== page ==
Saturday, May 19, 2012

The PMO-PSO Model – The Baseline

                                     Benny A. Recine, MBA, PMP, PMOC, CAMS


In today’s Professional Service Organizations (PSOs), the demand for more for less, as well as the demand for standardization, are increasing. Profit margins are increasingly becoming squeezed and staff levels are being reduced. This very real scenario has become the bane of senior management of PSOs. The challenge PSO managers are facing is the balance between a sustainable profit margin and the demand of customers to decrease costs and deliver the same quality of service. This seemingly untenable situation does not have a quick fix. It does, however, have a long-term solution. The Project Management Organization (PMO) is the answer to this demanding situation. 


                                                               What is a PMO?
Wikipedia defines a PMO as follows: “a PMO in a business or professional enterprise is the department or group that defines and maintains the standards of process, generally related to project management, within the organization. The PMO strives to standardize and introduce economies of repetition in the execution of projects. The PMO is the source of documentation, guidance, and metrics on the practice of project management and execution.” The project management process is defined by the Project Management Institute (PMI) through its Project Management Body of Knowledge, or the PMBOK, as I am sure you are aware of.
Traditionally, Project Managers (PMs) reported to the Information Technology (IT) division or a manager reported to senior IT management. More recently, PMs in an IT division are reporting to a PMO Manager or Leader. This manager or leader has the responsibility of maintaining the standards of the PMO.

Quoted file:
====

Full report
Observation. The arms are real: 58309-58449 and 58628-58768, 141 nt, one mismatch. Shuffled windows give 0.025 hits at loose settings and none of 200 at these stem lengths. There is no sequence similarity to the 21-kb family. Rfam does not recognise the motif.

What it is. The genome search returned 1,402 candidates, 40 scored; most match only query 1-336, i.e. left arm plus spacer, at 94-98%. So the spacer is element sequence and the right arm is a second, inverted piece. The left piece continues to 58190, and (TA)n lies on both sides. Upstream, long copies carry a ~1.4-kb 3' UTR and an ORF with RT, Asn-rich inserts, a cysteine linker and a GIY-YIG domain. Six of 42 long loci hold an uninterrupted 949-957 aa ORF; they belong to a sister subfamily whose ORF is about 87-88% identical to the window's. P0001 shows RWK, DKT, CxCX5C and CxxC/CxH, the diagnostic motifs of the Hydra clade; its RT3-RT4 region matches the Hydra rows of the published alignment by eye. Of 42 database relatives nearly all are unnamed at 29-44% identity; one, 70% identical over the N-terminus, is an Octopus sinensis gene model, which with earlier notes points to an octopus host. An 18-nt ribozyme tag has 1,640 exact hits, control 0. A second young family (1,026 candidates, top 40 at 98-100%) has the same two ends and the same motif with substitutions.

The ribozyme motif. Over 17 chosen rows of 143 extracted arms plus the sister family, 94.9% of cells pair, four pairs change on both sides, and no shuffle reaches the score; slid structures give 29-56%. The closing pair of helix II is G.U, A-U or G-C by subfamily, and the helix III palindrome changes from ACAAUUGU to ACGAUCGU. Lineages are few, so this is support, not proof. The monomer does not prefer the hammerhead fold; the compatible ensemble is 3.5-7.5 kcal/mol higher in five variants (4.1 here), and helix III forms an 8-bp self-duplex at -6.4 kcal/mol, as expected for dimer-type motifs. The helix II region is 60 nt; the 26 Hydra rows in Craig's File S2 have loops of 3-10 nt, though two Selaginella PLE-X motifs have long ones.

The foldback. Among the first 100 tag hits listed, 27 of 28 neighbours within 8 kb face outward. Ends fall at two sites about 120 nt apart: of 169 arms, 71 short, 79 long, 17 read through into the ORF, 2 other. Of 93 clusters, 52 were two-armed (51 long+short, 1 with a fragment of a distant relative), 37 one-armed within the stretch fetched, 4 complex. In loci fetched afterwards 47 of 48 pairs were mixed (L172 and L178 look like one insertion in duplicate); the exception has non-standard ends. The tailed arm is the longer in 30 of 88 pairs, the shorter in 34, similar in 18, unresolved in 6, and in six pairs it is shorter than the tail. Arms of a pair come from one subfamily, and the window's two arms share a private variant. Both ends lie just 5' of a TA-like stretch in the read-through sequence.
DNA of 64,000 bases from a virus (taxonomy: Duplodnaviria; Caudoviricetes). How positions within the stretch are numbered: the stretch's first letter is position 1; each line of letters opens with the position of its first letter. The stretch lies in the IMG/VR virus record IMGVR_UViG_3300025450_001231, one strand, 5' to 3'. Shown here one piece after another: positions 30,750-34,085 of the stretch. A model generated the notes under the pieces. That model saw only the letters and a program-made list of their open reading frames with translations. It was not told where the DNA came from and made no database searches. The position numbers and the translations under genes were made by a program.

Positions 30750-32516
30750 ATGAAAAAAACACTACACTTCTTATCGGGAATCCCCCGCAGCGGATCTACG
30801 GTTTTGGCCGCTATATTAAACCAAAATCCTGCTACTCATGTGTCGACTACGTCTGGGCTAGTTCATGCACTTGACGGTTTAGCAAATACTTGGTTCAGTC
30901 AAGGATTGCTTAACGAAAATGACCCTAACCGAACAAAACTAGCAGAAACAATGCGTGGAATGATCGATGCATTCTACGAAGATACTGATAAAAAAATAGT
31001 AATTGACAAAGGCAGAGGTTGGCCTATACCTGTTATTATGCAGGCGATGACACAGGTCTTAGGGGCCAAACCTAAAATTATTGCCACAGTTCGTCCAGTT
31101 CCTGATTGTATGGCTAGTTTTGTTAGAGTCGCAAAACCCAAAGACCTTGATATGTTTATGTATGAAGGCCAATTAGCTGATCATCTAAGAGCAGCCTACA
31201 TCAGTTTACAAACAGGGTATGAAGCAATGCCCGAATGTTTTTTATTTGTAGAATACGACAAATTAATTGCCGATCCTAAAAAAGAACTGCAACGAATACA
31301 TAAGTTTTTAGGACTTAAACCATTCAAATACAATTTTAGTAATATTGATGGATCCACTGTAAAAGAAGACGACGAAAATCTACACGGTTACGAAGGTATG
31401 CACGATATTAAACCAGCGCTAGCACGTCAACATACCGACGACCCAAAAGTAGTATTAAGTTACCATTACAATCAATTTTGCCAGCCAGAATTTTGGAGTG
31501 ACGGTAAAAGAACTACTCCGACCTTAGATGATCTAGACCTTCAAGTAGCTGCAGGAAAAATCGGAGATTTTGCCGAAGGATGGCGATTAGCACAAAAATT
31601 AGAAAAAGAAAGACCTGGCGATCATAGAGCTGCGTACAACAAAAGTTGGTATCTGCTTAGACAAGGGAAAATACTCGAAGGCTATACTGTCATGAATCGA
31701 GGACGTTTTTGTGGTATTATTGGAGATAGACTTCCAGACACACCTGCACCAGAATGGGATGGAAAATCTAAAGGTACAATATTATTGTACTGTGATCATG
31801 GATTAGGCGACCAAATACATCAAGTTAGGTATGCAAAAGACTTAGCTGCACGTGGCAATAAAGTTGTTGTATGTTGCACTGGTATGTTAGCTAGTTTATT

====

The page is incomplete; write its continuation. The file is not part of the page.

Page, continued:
What are the standards of the PMO?


There are five standards of the PMO. The PMO:


1) Maintains the standards of the PM profession. Basically, these are the standards that are delivered for each project. Whether they must be the status report, the project schedule, or the budget, these standard documents must be delivered.


2) Maintains the PMO process, or in other words, the actual process flow that is incorporated in each project. From project initiation to project closure, the way a project is conducted, from beginning to end, must be standardized, no matter the size of the project.


3) Maintains the PMO library, which is a repository of all documents, and if possible, all communications, within each project. This is a critical piece of the PMO. Each member of the PMO, as well as each member of each project, must have access to their respective documents. Of course, a project member of project A may not be allowed access to the documents of project B. However, each PM of the PMO should have access to all documents for each project that the PMO is involved with.


4) Develops Professional Opportunities for the PM. As a PMO manager or lead, you want to attract the best in your industry and your organization to your PMO. The best way to do this is provide professional growth within the PM community. Allowing your PMs to attain Professional Development Units (PDUs) from PMI and its affiliates is the best way to do this.


5) Promotes continuous learning. This means providing opportunity for learning in other areas, for example, accounting.


This is the baseline for the PMO model. Creating the PMO should begin with these steps. The PMO should maintain the projects of the organization, and improve the PM process in the organization. In this baseline, we can establish the PMO as the area of best practices in the PM field.